Friday, November 9, 2012

Reactive Voting

Over the years I have read several articles that use the concept of "reactive ethnicity". This describes the way ethnic identity and attachment is heightened when members of that racial/ethnic group perceive discriminatory threats.

I think we can use this general idea to describe a major dynamic in the 2012 Presidential election -- "reactive voting". In this case, voting was stimulated by perceived threats of suppression by largely Republican forces in many states. Paradoxically, while there was a clear enthusiasm gap among many voters for Obama in 2012 versus 2008 that would have dampened voter turnout, the effort to suppress the vote actually mobilized voters to get to the polls and cast a vote come hell or highwater. The long lines and the willingness of people to wait up to 6 hours was well-documented in the media.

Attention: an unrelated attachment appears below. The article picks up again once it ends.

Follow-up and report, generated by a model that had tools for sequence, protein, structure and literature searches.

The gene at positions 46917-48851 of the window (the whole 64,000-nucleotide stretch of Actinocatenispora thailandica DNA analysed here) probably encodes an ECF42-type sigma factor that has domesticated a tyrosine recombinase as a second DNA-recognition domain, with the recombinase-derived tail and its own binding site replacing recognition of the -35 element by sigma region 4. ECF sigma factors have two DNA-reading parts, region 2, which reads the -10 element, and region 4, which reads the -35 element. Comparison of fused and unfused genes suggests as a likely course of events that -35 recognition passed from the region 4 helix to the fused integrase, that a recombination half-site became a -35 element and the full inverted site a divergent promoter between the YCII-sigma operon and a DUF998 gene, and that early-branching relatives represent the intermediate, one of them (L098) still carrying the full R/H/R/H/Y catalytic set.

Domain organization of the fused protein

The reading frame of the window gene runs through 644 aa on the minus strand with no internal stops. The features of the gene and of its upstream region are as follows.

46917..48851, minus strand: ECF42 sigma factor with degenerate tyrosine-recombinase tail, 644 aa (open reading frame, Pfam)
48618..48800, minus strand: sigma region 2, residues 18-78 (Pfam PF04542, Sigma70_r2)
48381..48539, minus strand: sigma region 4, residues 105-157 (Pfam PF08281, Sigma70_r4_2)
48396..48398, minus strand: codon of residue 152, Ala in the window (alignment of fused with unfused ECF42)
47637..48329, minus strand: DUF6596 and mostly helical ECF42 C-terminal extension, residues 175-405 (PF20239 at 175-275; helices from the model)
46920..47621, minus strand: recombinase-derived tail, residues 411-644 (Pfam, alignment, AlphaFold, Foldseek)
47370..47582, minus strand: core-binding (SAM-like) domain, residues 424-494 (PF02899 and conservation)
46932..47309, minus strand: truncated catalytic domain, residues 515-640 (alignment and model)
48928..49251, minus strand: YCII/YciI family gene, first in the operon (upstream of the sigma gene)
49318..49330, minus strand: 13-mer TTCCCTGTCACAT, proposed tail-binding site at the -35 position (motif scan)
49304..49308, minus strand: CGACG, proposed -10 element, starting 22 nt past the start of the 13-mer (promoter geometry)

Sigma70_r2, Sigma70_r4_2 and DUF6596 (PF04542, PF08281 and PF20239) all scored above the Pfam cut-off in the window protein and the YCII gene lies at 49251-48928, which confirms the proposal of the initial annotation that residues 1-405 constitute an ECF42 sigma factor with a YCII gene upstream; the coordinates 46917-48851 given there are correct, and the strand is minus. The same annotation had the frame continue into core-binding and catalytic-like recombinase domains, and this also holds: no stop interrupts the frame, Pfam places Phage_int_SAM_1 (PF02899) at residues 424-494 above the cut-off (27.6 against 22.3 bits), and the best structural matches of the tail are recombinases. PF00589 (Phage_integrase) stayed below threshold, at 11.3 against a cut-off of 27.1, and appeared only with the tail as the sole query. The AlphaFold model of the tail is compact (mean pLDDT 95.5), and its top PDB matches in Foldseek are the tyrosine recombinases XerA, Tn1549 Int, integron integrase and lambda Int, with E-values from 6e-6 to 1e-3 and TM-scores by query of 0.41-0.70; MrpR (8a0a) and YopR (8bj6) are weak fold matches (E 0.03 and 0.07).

For the Republicans, this result confirms beautifully the most durable and essential of all sociological concepts -- the law of unintended consequences.  The purposive action to suppress voter turnout and facilitate a Republican victory had exactly the opposite effect. Is it possible that the act of suppression actually contributed to the victory?

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